U.S. Sen. Rick Scott on Wednesday told a national radio audience that Republican Senate candidates are going to have a “great 2022,” thanks in part to the COVID-19 relief bill slated to pass the House this morning.
Scott, who heads the National Republican Senatorial Committee, told listeners to the Hugh Hewitt program that success will be in part due to the landmark American Rescue Act relief legislation.
“The COVID bill they passed, it’s not going to be popular in a few months. When people figure out what’s in this thing, they’ll be furious,” Scott predicted.
Scott expects this to lead to “great candidates” and a “great win.” And it, along with other early-term Biden sops to the left, offers the U.S. Senate campaign arm he leads a platform, he said.
“Part of what we do at the NRSC (National Republican Senatorial Committee), we’re explaining who a Democrat is, what they stand for, and what Republicans stand for.”
Issues like the Keystone Pipeline, “open borders,” and “men in women’s sports” are the wedge issues the campaign effort will exploit, Scott said.
“As we talk about these things, the American public will say ‘wait a minute, that’s not what I voted for,'” Scott predicted.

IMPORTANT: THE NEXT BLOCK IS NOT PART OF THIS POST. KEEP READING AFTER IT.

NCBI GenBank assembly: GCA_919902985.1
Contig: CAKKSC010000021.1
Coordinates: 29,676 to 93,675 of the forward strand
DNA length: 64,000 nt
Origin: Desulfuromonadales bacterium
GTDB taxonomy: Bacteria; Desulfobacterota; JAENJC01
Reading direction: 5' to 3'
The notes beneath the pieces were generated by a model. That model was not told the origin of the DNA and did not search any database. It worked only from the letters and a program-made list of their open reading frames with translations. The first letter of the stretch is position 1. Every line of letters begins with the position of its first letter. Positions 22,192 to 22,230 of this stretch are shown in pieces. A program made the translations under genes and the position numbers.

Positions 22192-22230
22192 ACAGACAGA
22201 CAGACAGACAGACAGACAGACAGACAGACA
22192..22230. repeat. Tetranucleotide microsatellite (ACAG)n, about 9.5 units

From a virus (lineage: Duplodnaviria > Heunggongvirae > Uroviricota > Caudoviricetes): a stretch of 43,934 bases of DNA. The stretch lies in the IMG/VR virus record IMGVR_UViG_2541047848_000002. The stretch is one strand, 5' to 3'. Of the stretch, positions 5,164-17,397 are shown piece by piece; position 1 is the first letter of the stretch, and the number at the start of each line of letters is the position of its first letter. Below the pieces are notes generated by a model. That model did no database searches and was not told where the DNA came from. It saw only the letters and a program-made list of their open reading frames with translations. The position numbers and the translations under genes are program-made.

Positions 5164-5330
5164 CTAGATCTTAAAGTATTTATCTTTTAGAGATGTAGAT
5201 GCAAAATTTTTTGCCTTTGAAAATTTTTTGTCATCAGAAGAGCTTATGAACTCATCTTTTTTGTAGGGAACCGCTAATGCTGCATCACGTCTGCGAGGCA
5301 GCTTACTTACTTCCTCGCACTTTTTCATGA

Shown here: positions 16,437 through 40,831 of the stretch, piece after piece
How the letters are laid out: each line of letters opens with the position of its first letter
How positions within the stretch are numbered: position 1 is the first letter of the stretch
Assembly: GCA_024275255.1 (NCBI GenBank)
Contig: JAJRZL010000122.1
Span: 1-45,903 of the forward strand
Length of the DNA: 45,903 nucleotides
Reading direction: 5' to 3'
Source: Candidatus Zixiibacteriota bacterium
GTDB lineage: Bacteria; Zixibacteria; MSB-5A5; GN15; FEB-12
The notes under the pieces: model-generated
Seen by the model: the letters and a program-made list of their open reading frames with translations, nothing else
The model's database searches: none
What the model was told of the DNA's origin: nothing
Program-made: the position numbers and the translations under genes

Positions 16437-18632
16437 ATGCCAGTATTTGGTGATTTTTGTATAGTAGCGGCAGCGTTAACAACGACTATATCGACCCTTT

Scott expressed enthusiasm for candidates in his mold to run “successful governors” who have balanced budgets, such as New Hampshire’s Chris Sununu and Arizona’s Doug Ducey, and suggested, based on his own example, that they may have longer to decide.
“I didn’t get into my Senate race two years ago until April of election year,” Scott reminded listeners of his challenge to Sen. Bill Nelson. Scott was widely expected to run for Senate, keeping the field cleared in the primary and allowing him to get nearly 90% of the vote against his sole opponent, perennial candidate Rocky de la Fuente.
Scott expects candidates who aren’t governors to start getting in the race in the next six months.
“They’ve got to raise money,” Scott said. “It’s work to raise money.”
Scott clarified the dynamic between his political committee and that of caucus leader Mitch McConnell who gets involved if he’s “worried that somebody can’t win the General Election.”
Scott cautions, however, “this is still pretty early.”
“I tell people — like, they’ll say ‘how do you think x person is going to do?’ Well, if they’ve never run before, you got to let them run,” Scott said, before explaining how it’s done and what it takes.
“You’ve got to raise money. You’ve got to be willing to do TV. You’ve got to be able to win debates. You’ve got to be able to build a team and reach the grassroots. You’ve got to have a lot of volunteers that support you. If you can’t do all those things, then you’re reducing your chances of winning. And you’ve got to have a message that resonates with people.”
Scott may have been an afterthought at the Conservative Political Action Conference straw poll, with less than 1% support, but it’s clear he sees his Senate leadership platform as a test for whether his brand of politics can translate far beyond the Sunshine State. And if Republicans take the Senate back, he is already building the scaffolding to take credit.